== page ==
Courtesy of Julie Cooley
Courtesy of Julie Cooley
I noticed this sign has been added to the trash can at my neighborhood park on Bennett Street. Really, don’t we want the public to deposit trash? Animas High students are in the park weekdays. I think we need to give them clearer direction. – Julie Cooley
At first glace, this looks like an ominous instance of the city “privatizing” a public facility.
Which is nothing new. A couple years ago, Action Line took note of a sign on the southwest corner of the Durango School District 9-R Administration Building that said “private property – no trespassing.”
So we have spurious declarations on taxpayer-owned offices, and now private trash in a public park. What could be next on this slippery slope?
The city could condemn the Durango Community Recreation Center and convert it into an exclusive members-only health retreat.
Or we could pay off the Florida Road reconstruction bond by selling the street to investors who would install toll booths.
But that’s not going to happen.
The city attached the sign after numerous problems of folks dumping household trash.
It’s La Plata County’s worst-kept secret that many people dwelling outside the city try to save money by canceling their trash pickup. They then haul their garbage into town, dumping it in any available receptacle.
The only thing is that the people in the city pay for it. One person’s thrift is another person’s theft.
“It’s a big problem,” said one city worker who asked not to be named but who knows a lot about the situation.
The Animas City Park receptacle was always overflowing, so the city attached the sign, albeit a confusing one fraught with a dubious claim.
“We want the trash can to be for people in the park” and not a public Dumpster, the city worker said.
Perhaps the city sign shop could come up with something better, such as “Trash can is for park users only. No household trash.”
But if unscrupulous residents choose illegal dumping as their waste-management strategy, a new sign isn’t going to change things.
Bad behavior at the garbage pail will still be beyond the pale.
So now that the city has single-stream recycling, which is great, what are we supposed to do with the rectangular blue containers? Can the bins be recycled? – Curious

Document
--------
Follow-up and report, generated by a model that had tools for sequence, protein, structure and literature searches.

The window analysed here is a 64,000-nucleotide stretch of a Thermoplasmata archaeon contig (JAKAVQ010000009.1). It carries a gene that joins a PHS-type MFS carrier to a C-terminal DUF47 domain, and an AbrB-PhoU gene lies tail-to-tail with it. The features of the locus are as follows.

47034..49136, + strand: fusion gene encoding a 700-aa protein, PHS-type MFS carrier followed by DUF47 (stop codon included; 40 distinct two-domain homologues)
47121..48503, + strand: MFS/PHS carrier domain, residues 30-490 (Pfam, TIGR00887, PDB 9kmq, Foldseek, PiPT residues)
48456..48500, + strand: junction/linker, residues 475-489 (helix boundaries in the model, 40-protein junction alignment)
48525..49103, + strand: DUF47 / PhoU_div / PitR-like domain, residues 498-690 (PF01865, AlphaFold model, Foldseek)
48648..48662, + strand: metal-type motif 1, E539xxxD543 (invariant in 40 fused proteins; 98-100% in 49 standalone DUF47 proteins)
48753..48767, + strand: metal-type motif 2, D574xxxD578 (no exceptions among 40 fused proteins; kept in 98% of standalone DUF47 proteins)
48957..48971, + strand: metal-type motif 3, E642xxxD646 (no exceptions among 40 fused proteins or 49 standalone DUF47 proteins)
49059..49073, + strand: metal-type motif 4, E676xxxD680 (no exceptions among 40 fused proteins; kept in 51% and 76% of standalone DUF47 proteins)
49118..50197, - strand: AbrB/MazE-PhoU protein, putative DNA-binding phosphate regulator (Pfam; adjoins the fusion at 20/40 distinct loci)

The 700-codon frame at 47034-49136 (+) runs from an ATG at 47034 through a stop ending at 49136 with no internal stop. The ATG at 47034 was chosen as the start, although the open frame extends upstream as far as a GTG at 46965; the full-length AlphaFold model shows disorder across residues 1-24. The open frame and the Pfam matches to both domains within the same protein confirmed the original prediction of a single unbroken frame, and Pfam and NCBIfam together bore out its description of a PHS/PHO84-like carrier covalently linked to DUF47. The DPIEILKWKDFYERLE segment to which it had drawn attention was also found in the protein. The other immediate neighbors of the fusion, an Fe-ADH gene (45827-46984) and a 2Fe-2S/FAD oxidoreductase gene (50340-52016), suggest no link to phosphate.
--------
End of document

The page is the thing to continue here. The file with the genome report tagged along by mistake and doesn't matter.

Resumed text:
How ironic that Mrs. Action Line was wondering this very thing just a couple weeks ago.
And speaking of ironic, you’ll never believe this.
The old blue recycling bins? They are not recyclable!
There’s no triangle-number symbol on the bottom of the containers, a sign of nonrecyclability. A quick call to the city’s Garbage Collection and Recycling Services division confirmed it.
But that doesn’t mean you should be seeing red and singing the blues because recycling bins aren’t very green.
Quite to the contrary. The bins can serve as a handy, dandy container for glass, which the city no longer collects curbside.
Bin handles make it easy to tote your bottles to recycling stations, at north City Market, Wagon Wheel Liquor, the Fort Lewis College Physical Plant building and the Durango Tech Center recycling facility.
In June, more glass-recycling stations will be added.
If glass recycling is not your thing, you could always repurpose your bin into a garden planter.
After all, people use old toilets and worn-out tires as planters. Why not a raised bed of blue plastic?
The bins have predrilled drainage holes, and the “Durango Recycles” logo on the front will show your civic pride.
A planted blue bin would look wonderful flanked by garden gnomes, a ceramic donkey, some pink flamingos and one of those plywood statues of a woman bending over showing polka dot bloomers.
Consider this your Action Line horticultural hortative. Today, April 1, would be the ideal time to begin such a tasteful garden project.
Email questions to firstname.lastname@example.org or mail them to Action Line, The Durango Herald, 1275 Main Ave., Durango, CO 81301. You can request anonymity if you take the sugar out of the salt shaker and remove the rubber band from the kitchen sink sprayer.